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The effects of morphine on the hypothalamo-neurohypophyseal system Ngsee, Johnny Kuan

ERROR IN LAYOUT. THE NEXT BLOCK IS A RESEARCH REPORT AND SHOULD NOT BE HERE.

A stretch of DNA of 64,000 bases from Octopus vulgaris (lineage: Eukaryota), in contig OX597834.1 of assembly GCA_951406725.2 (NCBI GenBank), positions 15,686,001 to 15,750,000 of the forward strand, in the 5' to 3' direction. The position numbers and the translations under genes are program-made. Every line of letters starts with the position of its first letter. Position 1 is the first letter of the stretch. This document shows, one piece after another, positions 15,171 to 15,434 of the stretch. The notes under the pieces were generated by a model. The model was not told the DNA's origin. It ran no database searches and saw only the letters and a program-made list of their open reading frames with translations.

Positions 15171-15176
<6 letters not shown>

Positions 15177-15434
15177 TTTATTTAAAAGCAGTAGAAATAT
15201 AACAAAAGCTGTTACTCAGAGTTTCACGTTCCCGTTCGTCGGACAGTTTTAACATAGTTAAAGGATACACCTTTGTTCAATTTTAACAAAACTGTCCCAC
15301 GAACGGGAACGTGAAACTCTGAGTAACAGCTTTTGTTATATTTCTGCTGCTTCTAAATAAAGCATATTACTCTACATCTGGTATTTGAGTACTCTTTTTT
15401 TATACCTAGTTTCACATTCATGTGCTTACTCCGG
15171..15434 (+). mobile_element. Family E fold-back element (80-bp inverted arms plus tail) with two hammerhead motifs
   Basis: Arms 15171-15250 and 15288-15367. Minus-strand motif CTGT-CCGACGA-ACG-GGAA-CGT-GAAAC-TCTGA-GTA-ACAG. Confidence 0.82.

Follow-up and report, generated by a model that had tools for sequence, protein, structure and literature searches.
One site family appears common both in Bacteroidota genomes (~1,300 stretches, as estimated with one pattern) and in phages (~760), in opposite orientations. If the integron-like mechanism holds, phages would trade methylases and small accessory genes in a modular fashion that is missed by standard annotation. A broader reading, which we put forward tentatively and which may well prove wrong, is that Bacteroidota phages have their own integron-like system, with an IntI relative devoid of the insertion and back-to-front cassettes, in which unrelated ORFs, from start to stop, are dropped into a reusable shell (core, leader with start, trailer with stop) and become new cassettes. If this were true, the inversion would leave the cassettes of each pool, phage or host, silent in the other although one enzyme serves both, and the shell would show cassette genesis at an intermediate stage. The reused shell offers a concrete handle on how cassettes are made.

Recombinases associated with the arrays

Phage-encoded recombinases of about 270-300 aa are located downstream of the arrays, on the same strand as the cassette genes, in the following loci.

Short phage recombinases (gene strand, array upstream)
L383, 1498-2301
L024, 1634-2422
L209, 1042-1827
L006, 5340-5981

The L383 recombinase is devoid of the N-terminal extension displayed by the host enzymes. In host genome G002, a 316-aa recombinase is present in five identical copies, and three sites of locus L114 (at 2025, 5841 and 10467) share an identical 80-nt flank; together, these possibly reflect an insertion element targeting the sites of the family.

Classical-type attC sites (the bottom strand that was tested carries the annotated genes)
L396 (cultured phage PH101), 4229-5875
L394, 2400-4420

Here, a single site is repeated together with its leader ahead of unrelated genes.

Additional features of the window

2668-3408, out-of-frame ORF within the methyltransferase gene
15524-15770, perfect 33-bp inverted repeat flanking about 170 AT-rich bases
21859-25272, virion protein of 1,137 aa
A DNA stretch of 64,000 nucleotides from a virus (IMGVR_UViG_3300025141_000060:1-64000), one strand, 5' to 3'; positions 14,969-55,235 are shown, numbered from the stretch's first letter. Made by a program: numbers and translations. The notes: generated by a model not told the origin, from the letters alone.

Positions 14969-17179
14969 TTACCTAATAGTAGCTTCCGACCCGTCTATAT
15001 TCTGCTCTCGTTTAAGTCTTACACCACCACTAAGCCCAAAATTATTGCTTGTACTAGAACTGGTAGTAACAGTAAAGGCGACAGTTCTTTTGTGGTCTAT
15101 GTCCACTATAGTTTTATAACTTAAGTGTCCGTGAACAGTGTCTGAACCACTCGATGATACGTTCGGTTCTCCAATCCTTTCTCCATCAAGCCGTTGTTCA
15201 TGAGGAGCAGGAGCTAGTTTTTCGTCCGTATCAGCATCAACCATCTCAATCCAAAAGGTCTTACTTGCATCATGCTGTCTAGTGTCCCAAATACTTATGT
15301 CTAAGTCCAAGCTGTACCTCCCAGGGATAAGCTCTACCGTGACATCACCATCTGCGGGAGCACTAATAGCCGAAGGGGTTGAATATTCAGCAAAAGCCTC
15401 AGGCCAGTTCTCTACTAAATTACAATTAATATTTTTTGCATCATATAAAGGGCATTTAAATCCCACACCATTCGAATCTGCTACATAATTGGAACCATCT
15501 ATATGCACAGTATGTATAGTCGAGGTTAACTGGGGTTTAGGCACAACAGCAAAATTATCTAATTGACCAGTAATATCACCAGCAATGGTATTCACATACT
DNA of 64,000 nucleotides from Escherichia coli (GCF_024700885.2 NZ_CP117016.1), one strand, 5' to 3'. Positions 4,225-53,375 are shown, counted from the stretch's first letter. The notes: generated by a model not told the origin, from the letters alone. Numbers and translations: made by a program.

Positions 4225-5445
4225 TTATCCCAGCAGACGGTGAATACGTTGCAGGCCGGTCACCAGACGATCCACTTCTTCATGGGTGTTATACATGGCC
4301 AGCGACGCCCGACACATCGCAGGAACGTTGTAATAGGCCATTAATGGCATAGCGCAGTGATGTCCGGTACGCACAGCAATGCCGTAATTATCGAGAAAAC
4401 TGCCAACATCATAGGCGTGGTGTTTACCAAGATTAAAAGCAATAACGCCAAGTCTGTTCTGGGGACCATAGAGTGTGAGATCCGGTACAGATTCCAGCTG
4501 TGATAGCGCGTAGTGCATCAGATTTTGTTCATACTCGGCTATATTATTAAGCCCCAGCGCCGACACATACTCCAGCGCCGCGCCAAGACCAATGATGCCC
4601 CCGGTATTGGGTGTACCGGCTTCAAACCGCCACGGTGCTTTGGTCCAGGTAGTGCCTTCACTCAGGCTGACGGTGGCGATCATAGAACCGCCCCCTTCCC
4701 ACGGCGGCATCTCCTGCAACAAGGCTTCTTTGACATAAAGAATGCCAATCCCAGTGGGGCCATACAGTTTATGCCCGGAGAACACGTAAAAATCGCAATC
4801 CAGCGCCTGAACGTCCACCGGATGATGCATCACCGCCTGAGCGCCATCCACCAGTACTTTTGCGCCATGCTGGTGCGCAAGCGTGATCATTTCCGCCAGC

The acute administration of an analgesic dose (1mg/kg) of morphine sulfate to conscious and hydrated rats produced a pronounced antidiuretic response. This was accompanied by an increase in urine osmolality and a decrease in free water clearance in the normal and Brattleboro rats heterozygous for the diabetes insipidus trait. The response was comparable to that of an exogenous dose of vasopressin. Antidiuresis was also observed in the homozygous D.I. rats. Since these rats are incapable of synthesizing vasopressin, the antidiuresis must be mediated by other mechanism(s). When arterial blood pressure was monitored, it was found that the mean arterial pressure decreased sharply immediately after the morphine injection in all animals. This can account for the antidiuresis in the homozygous D.I. rats. In the normal and heterozygous D.I. animals, it is quite possible that both morphine-mediated release of vasopressin and hypotension are responsible for the decrease in urinary flow. In addition, hypotension per se may act as a stimulus for vasopressin release. To study the chronic effects of morphine, rats were rendered tolerant and physically dependent by two means: multiple injections and pellet implantation of morphine sulfate. In contrast to the antidiuretic effects of acute morphine administration, chronic treatment resulted in polyuria. Using a vasopressin radioimmunoassay (RIA), it was found that rats implanted with a morphine pellet for 3 days had a significantly lower neurohypophyseal store of vasopressin (744.3 ± 27.9 ng, n=6) as compared to the placebo pellet implanted controls (1024. 1 ± 66.0 ng, n=6). This depletion was replenished as the animals developed tolerance to the drug.. abrupt withdrawal of the drug from physically dependent animals also produced a significant depletion of the neurohypophyseal vasopressin stores - from 902.4 ± 37.0 ng (n=6) to 638. 3 ± 36.0 ng (n=6). In contrast to rats implanted with morphine pellets, no significant changes in the neurohypophyseal vasopressin stores were observed in those injected daily with morphine for 2 weeks. Withdrawal from the drug in these animals also did not produce any detectable changes in the vasopressin stores. A withdrawal symptom, reduction in body weight, monitored after 24 hr of abstinence suggested that the degree of physical dependence in these animals is very light. ³H-naloxone binding performed on whole brain homogenate of rats injected with morphine for 2 weeks revealed no significant changes in the number of binding sites (q). The affinity constant (Kd) was augmented from a control value of 5.33 nM to 22.37 nM in the morphine-injected rats. The changes in g and Kd suggested the presence of morphine in the whole brain homogenates. Moreover, the Kd was restored to the control value in animals withdrawn from the drug for 24 hr. Vasopressin or oxytocin iid not have any direct effect on the ³H-naloxone binding. Thus, it is unlikely that the facilitation of morphine tolerance by the neurohypophyseal peptides is mediated by their direct action on the opiate receptor.

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